November 9, 2014 - by
@Tim_Linafelt: Ward Always Welcome Back at FSU

By Tim Linafelt Senior Writer

@Tim_Linafelt on Twitter

TALLAHASSEE, Fla. – As a player, Courtney Ward sparked the Florida State women’s basketball team to one of the most prosperous runs in program history.

Three years after her graduation, basketball has brought Ward back to Tallahassee — this time as a coach.

Ward will be on the bench today as a volunteer assistant for Faulkner University. FSU hosts the Lady Eagles in an exhibition at 2 p.m.

“It’s always good for me to get to come down and see everybody again,” Ward said.  “Not only Coach Sue and the staff and the players, but also the fans that remember me as well.”

Ward gave FSU fans plenty to remember. After a four-year career (2007-11), she finished with school records for wins (98), career 3-pointers (208), 3-pointers in a season (78), career assists (602) and assists in a season (170).

Ward twice earned All-ACC honors at point guard and helped FSU to back-to-back ACC regular season titles and a first-ever trip to the Elite Eight.

“She was huge,” FSU coach Sue Semrau said. “There’s a lot of players now that think it’s got to be instant gratification, quick and easy, and it’s not. And Courtney is a great example of that.”

After leaving Florida State, Ward had a brief stint with the WNBA’s Seattle Storm then spent a season with Italian club Pozzuoli.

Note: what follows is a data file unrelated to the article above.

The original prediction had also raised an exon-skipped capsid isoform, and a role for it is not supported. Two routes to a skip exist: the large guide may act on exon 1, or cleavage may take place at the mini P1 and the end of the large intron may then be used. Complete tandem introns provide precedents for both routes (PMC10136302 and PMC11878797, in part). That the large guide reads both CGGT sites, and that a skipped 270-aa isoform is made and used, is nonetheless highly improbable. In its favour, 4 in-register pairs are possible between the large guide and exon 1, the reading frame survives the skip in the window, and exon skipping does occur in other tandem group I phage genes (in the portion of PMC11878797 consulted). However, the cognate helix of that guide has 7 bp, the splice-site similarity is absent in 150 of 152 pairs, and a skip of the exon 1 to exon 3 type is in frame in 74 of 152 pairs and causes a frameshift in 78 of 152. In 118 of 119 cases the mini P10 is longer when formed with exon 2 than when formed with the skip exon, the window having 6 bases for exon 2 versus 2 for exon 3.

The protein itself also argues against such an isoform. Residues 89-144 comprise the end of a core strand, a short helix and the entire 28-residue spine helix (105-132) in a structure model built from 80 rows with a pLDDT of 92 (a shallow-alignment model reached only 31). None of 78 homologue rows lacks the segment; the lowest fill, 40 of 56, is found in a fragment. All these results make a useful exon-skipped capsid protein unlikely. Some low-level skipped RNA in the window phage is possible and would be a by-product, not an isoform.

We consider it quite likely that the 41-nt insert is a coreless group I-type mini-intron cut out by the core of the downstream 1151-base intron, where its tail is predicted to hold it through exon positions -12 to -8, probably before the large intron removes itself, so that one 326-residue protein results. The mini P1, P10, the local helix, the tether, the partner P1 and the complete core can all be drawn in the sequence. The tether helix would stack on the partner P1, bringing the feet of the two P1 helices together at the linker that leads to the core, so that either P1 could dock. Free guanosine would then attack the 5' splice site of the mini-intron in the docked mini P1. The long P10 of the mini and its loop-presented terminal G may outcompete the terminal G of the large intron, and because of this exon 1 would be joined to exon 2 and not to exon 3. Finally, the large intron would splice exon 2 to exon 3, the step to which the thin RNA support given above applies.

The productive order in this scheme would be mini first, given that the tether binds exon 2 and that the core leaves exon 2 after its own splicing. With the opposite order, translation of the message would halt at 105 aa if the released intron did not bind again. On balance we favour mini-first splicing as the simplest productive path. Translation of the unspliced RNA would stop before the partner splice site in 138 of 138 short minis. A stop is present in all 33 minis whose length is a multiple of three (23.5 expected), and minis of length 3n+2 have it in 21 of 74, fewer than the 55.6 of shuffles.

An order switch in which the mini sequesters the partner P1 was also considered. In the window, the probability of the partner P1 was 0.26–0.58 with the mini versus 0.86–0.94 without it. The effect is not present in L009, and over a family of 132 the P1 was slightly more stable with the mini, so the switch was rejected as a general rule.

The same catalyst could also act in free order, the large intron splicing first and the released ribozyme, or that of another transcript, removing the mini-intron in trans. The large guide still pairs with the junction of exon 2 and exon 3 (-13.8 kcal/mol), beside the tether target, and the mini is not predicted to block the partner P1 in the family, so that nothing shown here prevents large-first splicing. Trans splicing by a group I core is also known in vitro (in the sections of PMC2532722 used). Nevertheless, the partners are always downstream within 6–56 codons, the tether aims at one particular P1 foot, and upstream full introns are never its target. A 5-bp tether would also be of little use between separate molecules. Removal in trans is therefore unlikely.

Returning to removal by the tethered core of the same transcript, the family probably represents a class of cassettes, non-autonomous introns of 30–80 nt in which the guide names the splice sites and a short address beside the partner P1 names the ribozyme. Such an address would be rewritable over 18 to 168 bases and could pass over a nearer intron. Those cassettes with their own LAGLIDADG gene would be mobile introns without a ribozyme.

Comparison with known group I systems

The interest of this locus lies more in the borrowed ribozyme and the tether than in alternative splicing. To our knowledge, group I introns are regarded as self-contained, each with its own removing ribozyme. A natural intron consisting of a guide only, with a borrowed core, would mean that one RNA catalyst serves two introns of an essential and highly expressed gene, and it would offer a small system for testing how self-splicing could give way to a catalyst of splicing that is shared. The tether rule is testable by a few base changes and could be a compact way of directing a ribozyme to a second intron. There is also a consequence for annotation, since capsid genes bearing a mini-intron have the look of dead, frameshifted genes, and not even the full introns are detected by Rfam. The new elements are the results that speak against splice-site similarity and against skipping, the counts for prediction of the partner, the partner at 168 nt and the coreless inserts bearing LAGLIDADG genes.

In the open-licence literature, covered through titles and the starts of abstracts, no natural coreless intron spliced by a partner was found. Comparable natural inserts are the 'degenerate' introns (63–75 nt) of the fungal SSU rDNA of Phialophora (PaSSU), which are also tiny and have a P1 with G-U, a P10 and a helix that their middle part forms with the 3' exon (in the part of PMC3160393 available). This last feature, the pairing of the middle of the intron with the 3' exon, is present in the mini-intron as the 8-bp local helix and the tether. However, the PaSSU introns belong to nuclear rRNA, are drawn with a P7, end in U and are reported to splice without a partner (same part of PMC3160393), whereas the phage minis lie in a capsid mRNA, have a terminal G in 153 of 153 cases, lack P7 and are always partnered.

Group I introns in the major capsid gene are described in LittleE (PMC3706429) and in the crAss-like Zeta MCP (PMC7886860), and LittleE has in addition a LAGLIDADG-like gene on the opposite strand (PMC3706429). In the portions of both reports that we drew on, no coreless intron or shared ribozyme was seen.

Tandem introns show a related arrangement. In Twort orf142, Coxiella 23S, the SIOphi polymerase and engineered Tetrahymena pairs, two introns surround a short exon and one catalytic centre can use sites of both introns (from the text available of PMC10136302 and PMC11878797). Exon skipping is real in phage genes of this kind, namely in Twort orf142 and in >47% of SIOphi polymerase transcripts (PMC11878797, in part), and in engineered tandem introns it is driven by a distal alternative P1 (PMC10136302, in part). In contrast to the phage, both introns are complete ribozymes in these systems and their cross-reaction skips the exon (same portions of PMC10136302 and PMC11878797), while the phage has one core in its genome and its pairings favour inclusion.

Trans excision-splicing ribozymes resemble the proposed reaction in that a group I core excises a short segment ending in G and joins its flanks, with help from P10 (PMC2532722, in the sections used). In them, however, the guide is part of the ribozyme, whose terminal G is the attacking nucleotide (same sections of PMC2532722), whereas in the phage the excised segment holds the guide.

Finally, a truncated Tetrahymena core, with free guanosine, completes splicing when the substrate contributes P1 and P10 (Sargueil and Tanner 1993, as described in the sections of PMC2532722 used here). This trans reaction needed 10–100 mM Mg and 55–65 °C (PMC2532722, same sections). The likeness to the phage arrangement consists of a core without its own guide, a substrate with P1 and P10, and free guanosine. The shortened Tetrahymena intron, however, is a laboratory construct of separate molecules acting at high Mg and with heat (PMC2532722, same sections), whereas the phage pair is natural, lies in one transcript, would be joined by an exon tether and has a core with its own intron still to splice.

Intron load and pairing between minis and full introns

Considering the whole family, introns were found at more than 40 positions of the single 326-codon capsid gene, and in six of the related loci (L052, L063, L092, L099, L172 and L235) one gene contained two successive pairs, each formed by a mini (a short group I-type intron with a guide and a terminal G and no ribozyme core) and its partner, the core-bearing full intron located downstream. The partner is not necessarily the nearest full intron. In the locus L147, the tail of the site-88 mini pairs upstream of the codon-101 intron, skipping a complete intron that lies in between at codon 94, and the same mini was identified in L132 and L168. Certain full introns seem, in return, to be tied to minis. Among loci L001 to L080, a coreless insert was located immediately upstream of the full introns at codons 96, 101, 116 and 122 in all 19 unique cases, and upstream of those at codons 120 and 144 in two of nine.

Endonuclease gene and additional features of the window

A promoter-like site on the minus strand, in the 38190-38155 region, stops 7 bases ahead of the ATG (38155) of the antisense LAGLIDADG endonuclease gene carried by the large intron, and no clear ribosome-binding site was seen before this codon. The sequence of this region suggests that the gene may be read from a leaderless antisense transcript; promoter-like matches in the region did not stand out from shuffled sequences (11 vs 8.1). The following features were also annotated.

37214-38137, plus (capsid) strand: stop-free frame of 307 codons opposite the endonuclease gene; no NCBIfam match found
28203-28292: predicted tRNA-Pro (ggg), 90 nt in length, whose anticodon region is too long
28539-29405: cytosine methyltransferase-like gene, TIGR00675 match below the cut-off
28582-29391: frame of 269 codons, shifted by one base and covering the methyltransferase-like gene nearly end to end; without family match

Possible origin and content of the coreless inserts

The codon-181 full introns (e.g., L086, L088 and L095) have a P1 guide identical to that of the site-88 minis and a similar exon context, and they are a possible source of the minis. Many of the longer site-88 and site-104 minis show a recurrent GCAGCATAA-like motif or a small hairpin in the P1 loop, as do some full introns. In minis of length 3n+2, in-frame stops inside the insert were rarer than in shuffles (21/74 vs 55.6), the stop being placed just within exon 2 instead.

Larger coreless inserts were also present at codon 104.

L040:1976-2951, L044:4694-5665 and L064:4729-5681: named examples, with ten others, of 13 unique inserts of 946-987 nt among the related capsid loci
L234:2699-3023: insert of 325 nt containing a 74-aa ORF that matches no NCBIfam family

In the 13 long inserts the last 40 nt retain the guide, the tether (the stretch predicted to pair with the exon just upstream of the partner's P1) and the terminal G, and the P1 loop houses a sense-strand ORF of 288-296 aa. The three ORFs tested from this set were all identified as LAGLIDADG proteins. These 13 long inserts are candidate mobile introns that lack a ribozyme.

But the challenges of playing overseas as well as the birth of her son, Kyrie, led Ward back to her home town of Montgomery, Ala.

Ward, however, wanted to remain in basketball, which led her to Faulkner, a private Christian university in Montgomery.

She met Lady Eagles coach Reed Sutton through a mutual acquaintance, and joined the staff in 2012.

“He gave me an opportunity to come in and help with them, and I’ve stuck with him ever since,” said Ward, who also graduated from the Montgomery Police Academy earlier this year.

Ward’s foray into coaching doesn’t come as a surprise to Semrau. She said that Ward’s recent experience helps her relate to current players in a way that veteran coaches sometimes can’t.

“I think that’s just so cool,” Semrau said. “She learned so much during her time here and grew so much. For her to feel like, ‘Hey, I want to do that for someone else,’ is just a compliment to the program. 

“I think it’s a compliment to all of the coaches that have been here and coached during her tenure. And it’s a compliment to her, for feeling like it’s really important. It touched her life in a way that she now wants to touch others.”

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